To ensure substantial impact within urban systems, these smaller measures must be bolstered by larger policies that embrace nature as an essential factor of city planning and management decisions, and crucially, they require citizen support. Both Singapore’s City in Nature plan, unveiled in 2020, (5) and Barcelona’s recently announced “renaturalisation” plans (6) were in the works well before the pandemic struck. Yet the tangible benefits of urban nature, at least in terms of the wellbeing of those “stuck” in these cities, have now surely helped to make a stronger case for their necessity here, and in other cities around the world.
Rewilding expands and enriches the greening agenda for urban public spaces. Sports pitches and playgrounds, cycle paths and city farms are all important to the future of cities, but we shouldn’t mistake these as replacements for wilder spaces. As Charles Montgomery shares in Happy City (2014), the evenly spaced trees and lawns that humans say they prefer the look of may not actually be as beneficial as wilder forms of nature, when it comes to wellbeing. Furthermore, allowing more instances of “wild” nature into our cities can help build a more nature-symbiotic society through generational cycles of influence: researchers have found that direct exposure to nature during childhood correlates with conservation attitudes and practices as adults. (7)
In his book Down to Earth (2018), Bruno Latour argued for a need to reorient politics towards “the terrestrial”. This thesis piqued the interest of many readers, yet left us without any clear examples of what it could mean in practice. Here is another way that proximity to wild nature is important to city-dwellers: it provides us with metaphors and models for human systems and our social future.
In this time, as we are called to transform of our ways of being in the world, we need new metaphors and models to inspire us. In our new book Flourish, Michael Pawlyn and I encourage readers to look deeper into nature for models of truly regenerative design. In one vivid example that inspires us, the botanist, teacher and author Robin Wall Kimmerer observes the rich social life of a local plant, the serviceberry, and she discovers a metaphor to help imagine a new economy based on “gratitude and reciprocity”, on the principle of abundance rather than scarcity. (8)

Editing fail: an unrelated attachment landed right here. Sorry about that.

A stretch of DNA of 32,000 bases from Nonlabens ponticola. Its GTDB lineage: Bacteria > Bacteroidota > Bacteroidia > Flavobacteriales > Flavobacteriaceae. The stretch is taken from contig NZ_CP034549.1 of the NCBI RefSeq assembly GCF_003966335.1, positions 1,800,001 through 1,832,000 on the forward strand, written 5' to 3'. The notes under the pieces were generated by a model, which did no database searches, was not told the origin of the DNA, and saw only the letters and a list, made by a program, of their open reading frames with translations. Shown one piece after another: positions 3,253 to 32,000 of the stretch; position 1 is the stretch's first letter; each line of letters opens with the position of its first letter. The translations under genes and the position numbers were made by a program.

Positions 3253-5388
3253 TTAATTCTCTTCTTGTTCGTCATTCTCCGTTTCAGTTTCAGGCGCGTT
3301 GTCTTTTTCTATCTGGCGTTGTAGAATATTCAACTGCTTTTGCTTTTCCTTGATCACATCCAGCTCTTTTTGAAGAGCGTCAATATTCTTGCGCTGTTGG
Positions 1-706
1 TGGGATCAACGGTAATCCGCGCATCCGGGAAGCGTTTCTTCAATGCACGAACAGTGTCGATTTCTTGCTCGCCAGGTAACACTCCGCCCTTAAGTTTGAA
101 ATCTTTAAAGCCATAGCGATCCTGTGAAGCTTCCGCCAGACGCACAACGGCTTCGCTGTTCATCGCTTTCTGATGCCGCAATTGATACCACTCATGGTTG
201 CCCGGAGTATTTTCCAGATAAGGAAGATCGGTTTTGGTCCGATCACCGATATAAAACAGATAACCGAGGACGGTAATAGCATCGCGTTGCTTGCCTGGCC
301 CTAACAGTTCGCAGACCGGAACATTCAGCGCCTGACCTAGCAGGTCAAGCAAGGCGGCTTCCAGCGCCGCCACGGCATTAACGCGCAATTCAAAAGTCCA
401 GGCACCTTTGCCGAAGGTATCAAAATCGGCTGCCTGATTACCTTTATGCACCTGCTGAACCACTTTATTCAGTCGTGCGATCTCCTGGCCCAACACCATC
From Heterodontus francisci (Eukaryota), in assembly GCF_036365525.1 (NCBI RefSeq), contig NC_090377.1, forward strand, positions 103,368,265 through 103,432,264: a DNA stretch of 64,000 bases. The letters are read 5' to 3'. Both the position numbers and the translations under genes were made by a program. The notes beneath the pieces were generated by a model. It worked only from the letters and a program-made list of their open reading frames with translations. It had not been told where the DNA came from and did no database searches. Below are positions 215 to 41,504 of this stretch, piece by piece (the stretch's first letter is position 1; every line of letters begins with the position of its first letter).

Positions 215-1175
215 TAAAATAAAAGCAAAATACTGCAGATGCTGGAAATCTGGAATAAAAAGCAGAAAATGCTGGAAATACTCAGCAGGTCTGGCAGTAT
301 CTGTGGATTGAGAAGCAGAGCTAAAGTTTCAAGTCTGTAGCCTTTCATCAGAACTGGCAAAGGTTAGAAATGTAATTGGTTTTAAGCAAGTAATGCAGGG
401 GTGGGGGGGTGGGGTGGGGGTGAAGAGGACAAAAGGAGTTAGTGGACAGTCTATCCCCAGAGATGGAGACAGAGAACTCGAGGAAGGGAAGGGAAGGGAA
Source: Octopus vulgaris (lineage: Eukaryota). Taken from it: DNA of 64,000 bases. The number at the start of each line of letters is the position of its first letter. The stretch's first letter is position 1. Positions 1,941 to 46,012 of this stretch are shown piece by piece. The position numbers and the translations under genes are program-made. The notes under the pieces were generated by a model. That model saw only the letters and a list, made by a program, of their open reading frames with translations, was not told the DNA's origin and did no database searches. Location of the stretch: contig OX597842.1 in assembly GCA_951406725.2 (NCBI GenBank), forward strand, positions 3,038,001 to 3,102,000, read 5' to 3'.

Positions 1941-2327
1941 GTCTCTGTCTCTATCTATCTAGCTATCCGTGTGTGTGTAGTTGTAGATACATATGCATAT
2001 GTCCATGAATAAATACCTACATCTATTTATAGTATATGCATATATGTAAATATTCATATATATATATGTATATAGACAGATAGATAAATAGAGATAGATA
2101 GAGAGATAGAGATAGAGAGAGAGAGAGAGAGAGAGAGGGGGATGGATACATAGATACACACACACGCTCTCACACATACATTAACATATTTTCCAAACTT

Kimmerer, an enrolled member of the Citizen Potawatomi Nation, is one of many voices reminding us that countless communities, over many generations, have practiced symbiotic stewardship of their co-evolved landscape. Any serious attempt at rewilding or forming a restoration ecology must join in the overdue acknowledgement of and learning from the sophisticated relationships between indigenous peoples and their landscapes. Deeper studies into specific first people’s practices of land management, such as Bruce Pascoe’s Black Emu (2018) in Australia, and M. Cat Anderson’s Tending the Wild (2013) in California, offer further examples of ways of life intimately interwoven with place.
Beyond the challenge of (re-)acquiring deep local knowledge, rewilding in the context of contemporary cities will have to contend with additional complicating factors including intensity of use, microclimates of manmade noise, air pollution, the urban heat island effect, impermeable surfaces and so on. It’s tempting to seek analogies to the challenges of cultivating humane coexistence in dense urban contexts, the unruliness and risk of close interaction between people with different cultural backgrounds and practices.
Rewilding offers a promisingly tender new model for the landscape industry. Just as we have asked some of the most vulnerable in our societies to clean our toilets and slaughter our livestock, landscape work is often conceived of as brute force, unskilled manual labour. In a marked departure from this, during the development of Hwang’s rewilding projects, she has taught the landscape workers she collaborates with to identify certain plants for special care, such as at-risk species, or management, like fast-growing climbers that smother other plants. This is a small but important step, going from a system of control to a system of care.
At a time when both ethnic nationalism and biodiversity loss threaten many points on the globe, cities offer hope as possible sites of reconciliation between different communities of humans and between us and other species. The dynamic and heterogeneous nature of cities may also allow for a type of rewilding that jettisons old notions of “native” and “invasive” species, and celebrates processes of negotiation, adaptation and mixing.
To cynics, this may sound like a romantic fantasy. But the Overton window has shifted; various city administrations are now articulating rewilding agendas, and mainstream news outlets are disseminating the concept. This is our opportunity to leap beyond an “ecosystem services” view of nature, one that continues to subjugate the Earth and its other species in service to humans. This is our moment to act on the knowledge that we humans are more than “biophilic” nature-protectors: we are an inextricably integrated part of nature’s whole. In essence, let’s rewild our own self-image.
To do this, we’ll need to turn our self-centred and anthropocentric tendencies on their heads, learning to see ourselves in other people, other creatures, other systems. Those city dwellers, like my flower-picking neighbour and fish-spotting child, find resources and respite where many of the rest of us have been too busy or distracted to look. If we look more carefully and curiously around us, how might the many other life forms, who are busy sinking their bodies, roots or mycelia into the ground, suggest new ways for us to embed in our urban spaces in this uncertain era? Being “stuck” in one place needn’t imply stasis, but rather a rootedness from which we can flower.